No doubt Faulkner has a point. However, seeing images and footage of the events may not be enough. How people respond to what they see on screen is mediated through their pre-existing sensibilities, views and ideals.
After all, in the immediate aftermath of the pogrom, Hamas itself went to great lengths to boast about its evil deeds. Most of the footage of 7 October, of young women being humiliated or of civilians being shot dead, came from Hamas’s own men. They made no attempt to hide their barbaric behaviour. Yet those horrible images that have circulated on the web did not cause upset among those who were predisposed to see Israel as the incarnation of evil. Numerous viewers even reacted by celebrating what they saw.
After my conversation with the American students in the brasserie, I found myself wondering how these educated young people could be so indifferent to the victims of the 7 October pogrom. And I began to understand how and why so many bystanders pretended that they did not see the atrocities committed against their Jewish neighbours in the past.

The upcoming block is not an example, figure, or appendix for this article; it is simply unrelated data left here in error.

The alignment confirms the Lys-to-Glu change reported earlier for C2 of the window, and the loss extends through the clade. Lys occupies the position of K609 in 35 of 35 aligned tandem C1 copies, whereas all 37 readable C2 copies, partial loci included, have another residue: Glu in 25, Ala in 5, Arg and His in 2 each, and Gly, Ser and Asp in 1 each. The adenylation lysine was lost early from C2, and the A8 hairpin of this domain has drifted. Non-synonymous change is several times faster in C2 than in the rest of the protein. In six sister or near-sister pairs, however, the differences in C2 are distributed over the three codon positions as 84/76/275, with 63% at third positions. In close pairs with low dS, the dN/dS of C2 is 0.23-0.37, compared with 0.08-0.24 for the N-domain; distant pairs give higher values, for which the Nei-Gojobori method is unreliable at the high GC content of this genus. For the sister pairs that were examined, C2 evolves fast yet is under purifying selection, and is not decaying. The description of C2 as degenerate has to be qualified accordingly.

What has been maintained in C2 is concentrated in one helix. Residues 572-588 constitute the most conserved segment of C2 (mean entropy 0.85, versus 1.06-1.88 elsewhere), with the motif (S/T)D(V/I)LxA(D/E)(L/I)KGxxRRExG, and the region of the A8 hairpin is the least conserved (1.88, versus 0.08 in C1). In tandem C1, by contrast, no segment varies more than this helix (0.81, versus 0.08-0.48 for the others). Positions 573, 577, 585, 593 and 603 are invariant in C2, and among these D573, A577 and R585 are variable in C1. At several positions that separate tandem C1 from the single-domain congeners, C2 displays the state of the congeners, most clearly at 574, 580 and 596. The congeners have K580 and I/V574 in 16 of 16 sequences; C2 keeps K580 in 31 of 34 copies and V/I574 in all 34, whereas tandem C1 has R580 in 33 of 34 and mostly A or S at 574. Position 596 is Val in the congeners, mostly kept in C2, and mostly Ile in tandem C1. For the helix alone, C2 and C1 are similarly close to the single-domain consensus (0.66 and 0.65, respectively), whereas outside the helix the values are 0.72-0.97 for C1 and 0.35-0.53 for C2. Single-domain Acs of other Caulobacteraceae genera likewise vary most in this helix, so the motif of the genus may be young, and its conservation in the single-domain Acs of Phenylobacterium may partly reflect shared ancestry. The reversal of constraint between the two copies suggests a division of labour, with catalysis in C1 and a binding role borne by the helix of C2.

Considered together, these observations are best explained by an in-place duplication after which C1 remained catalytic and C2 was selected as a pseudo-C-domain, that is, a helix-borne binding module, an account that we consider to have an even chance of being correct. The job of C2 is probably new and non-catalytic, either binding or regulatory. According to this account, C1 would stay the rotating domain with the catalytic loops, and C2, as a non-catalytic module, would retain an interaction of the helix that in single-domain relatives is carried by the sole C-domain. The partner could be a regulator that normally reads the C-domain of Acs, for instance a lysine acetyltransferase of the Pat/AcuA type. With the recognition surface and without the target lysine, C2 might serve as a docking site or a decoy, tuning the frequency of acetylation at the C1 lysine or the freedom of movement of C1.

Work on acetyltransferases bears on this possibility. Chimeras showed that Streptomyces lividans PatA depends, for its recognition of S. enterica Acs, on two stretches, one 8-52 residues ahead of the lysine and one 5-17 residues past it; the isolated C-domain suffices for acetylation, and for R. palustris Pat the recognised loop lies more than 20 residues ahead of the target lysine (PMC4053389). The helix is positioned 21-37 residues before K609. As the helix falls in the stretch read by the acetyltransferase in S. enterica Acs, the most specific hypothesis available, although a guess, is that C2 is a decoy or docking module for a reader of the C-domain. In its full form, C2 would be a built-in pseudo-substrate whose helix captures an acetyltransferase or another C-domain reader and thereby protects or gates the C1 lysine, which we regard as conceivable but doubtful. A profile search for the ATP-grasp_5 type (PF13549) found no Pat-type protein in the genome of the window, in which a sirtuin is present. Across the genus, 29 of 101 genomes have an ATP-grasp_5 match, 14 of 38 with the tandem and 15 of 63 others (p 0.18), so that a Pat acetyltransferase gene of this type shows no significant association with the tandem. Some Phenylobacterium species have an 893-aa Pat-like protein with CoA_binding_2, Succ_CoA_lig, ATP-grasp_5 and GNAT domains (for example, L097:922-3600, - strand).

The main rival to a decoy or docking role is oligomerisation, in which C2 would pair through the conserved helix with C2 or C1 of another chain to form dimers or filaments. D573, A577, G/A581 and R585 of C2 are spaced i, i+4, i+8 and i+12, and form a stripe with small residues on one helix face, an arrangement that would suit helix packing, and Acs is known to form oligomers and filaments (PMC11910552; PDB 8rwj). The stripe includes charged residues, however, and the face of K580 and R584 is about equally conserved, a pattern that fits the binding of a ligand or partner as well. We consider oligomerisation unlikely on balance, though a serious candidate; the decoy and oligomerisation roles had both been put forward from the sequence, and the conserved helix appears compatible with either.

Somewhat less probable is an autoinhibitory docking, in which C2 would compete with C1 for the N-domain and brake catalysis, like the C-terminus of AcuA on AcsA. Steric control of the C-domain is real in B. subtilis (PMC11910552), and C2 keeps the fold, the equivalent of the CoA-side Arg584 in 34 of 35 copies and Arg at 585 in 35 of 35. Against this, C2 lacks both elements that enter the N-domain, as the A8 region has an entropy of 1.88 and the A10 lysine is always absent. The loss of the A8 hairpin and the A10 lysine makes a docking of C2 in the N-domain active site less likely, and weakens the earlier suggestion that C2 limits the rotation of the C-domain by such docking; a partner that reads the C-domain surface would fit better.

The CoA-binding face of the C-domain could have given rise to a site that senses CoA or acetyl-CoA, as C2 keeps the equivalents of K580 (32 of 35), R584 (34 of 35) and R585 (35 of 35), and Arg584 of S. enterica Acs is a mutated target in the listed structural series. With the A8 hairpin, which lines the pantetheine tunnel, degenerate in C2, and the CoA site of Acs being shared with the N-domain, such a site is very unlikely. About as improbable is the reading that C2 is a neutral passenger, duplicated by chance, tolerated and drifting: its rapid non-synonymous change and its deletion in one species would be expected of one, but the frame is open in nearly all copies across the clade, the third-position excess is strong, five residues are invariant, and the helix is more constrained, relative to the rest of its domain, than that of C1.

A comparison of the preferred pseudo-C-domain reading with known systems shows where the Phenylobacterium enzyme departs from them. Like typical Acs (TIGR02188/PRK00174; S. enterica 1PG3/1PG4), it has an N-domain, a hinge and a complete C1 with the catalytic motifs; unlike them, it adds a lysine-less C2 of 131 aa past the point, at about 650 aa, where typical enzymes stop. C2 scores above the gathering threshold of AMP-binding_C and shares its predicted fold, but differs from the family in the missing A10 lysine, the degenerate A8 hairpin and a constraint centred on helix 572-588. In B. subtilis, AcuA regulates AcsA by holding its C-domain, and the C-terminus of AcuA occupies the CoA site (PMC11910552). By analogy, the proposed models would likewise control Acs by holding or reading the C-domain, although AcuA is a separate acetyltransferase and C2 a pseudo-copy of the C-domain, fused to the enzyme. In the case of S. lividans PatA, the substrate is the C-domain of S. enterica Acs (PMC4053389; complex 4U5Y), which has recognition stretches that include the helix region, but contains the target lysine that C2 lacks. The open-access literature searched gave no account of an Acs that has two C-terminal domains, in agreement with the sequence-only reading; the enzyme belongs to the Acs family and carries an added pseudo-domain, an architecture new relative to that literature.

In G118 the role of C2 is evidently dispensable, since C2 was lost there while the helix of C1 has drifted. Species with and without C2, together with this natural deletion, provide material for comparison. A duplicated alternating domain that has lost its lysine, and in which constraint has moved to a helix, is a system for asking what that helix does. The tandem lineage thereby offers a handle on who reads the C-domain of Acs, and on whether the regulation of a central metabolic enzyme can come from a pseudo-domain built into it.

All this brings to mind the reaction of sections of the British labour movement to reports of the 1929 massacres of Jews in Hebron and other parts of what was then the colonial Mandatory Palestine. When British officials relayed news of ‘acts of unspeakable savagery’, Beatrice Webb, the grand dame of the socialist Fabian Society, responded with studied indifference. ‘I can’t understand why the Jews make such a fuss over a few dozen of their people killed in Palestine’, she said. ‘As many are killed every week in London in traffic accidents, and no one pays any attention.’
Today, far too many people have responded to 7 October in a similar way. Our first priority to counter this apathy is to ensure that a truthful account of 7 October gains commanding influence. The stories of those who fell victim to the pogrom of 7 October – no matter how distressing and painful – must be told.
This alone will not be enough to discredit the cynical lies perpetuated by those wishing to deny or downplay the 7 October massacre. But it is an important place to start.
Frank Furedi is the executive director of the think-tank, MCC-Brussels.
Picture by: Getty.